As with nearly everything presented here, Abdiel faced you with breathtaking facility illuminated by passages of remarkable accomplishment, like the outburst at bar 144 – one of many – that impressed for its fire and its fluency. The executant seemed engrossed by the work’s internal obsessiveness, like the Languido repeats and the leggierissimo volando beginning at bar 235. Not that Abdiel took everything at face value; he made free with some of the detail like the irregular groups of 4 and 5 from bar 300 onward. But the whole melange was delivered with unstoppable conviction, leading to a final two bars that impressed so much more in performance than they do on paper.
Two Debussy Preludes followed the ultra-virtuosic trend. Les collines d’Anacapri startled for its percussive interpretation. Even Modere et expressif in the middle section was heavy-handed and the over-riding Vif proved numbingly rapid. Feux d’artifice, as expected, was brilliantly achieved, a marvellous exhibition from this musician who showed the cleanest pair of heels I’ve come across in this glittering jewel.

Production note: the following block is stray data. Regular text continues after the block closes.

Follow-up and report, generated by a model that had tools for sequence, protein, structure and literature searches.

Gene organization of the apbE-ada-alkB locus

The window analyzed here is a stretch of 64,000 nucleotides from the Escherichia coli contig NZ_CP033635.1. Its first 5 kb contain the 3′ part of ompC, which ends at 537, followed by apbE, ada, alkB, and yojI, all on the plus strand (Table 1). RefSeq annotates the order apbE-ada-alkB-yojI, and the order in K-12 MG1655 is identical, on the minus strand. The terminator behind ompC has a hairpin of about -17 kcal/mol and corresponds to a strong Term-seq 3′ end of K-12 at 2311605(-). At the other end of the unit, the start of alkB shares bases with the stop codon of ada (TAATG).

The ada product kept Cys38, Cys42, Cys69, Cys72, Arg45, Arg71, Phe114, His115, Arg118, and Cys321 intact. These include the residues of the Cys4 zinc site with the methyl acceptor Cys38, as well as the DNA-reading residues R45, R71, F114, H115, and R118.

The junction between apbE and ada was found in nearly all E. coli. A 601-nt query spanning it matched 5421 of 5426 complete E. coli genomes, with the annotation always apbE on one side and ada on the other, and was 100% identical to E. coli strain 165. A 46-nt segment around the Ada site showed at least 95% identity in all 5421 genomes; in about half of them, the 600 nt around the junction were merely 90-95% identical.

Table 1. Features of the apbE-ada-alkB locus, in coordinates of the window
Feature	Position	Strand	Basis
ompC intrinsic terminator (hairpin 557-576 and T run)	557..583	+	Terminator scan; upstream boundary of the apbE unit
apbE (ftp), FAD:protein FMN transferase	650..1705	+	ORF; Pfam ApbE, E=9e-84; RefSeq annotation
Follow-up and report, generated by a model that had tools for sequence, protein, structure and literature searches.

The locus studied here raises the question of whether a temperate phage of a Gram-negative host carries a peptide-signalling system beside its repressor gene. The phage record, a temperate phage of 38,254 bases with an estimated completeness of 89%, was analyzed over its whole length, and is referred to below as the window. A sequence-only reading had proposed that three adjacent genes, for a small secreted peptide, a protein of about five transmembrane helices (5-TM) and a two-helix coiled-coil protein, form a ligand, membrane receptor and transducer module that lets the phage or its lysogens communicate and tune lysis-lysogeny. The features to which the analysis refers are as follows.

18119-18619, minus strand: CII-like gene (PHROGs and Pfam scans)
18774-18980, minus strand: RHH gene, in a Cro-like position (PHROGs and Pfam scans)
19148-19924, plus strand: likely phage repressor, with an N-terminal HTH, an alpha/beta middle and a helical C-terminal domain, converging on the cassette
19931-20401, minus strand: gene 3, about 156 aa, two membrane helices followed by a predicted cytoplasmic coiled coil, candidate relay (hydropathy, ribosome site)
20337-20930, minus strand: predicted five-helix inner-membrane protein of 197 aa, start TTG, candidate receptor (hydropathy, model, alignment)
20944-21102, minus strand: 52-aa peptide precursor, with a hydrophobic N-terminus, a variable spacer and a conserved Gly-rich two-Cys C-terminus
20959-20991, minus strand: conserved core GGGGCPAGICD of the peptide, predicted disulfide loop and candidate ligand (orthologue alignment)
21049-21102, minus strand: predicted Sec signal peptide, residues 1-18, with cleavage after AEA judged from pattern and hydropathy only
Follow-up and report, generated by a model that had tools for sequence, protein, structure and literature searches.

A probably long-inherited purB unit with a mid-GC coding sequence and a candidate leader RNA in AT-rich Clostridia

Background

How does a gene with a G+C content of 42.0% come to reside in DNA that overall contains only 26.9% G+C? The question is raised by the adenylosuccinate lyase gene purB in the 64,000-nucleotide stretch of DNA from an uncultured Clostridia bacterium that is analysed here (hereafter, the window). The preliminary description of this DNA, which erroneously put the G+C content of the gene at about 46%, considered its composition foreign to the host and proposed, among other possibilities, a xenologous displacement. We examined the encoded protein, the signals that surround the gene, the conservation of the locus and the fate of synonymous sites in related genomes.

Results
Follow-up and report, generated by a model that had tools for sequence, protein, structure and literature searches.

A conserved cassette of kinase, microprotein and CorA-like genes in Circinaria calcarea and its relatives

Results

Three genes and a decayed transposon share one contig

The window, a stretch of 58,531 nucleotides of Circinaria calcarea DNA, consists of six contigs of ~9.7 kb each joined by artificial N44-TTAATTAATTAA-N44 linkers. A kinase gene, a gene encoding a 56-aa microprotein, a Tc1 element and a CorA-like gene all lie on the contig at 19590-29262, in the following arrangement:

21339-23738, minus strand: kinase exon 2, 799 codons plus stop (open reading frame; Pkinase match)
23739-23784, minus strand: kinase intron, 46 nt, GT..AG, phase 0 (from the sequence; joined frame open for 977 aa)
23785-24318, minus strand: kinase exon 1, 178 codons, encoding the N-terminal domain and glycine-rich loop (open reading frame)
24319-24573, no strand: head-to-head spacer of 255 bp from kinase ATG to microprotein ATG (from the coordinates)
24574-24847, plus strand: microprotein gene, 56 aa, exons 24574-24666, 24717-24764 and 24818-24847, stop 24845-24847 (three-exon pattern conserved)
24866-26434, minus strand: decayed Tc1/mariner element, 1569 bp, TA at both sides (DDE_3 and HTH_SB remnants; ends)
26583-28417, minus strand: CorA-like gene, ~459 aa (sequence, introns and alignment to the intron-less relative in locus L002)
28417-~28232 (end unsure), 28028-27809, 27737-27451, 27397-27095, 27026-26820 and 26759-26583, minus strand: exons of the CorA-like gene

The Three Movements from Petrushka that Stravinsky put together for Arthur Rubinstein gave a centre to this program, and it enjoyed an unusually glittering reading. The Russian Dance held no hesitations or pauses but was treated with a fearless directness, even in those trademark sequences of block chords that ask for both rapid finger adjustment and full shoulder heft. No time for relaxation in Petrushka’s Room, either; the second appearance of the famous tritone was taken at a very fast pace, and the ten-bar Furioso enjoyed a massive pounding, including a final D Major chord that I thought would damage the instrument. Set against that an extraordinarily clean handling of the massive trills 11 bars from the movement’s end. The energy and fluency of The Shrovetide Fair probably took the night’s honours: a dazzling display as Abdiel burst through each of the composer’s scenarios – the nurses, gypsies, coachmen, bear and peasant – with masterful ebullience that occasionally bordered on hysteria.
But this was a display night and the presenter wasn’t finished. The program proper ended with a Scriabin study, the D flat Major from Op. 8, which simply put a hothouse-grown cherry on the pianist’s cake. An exercise in right-hand 3rds, it floated past with effortless ease, not making much impression on those of us left gasping in the wake of Abdel’s Stravinsky. And as an encore, he veered away from Vine’s little pieces and went the whole hog: Grainger’s In Dahomey ‘Cakewalk smasher’, where the clue is in the last word. For my taste, this was performed too fast, to the point where it occasionally made no sense. A brilliant negotiation of the score, I’ll be the first to attest, but not true to the composer, clogging his period piece with tumultuous overkill.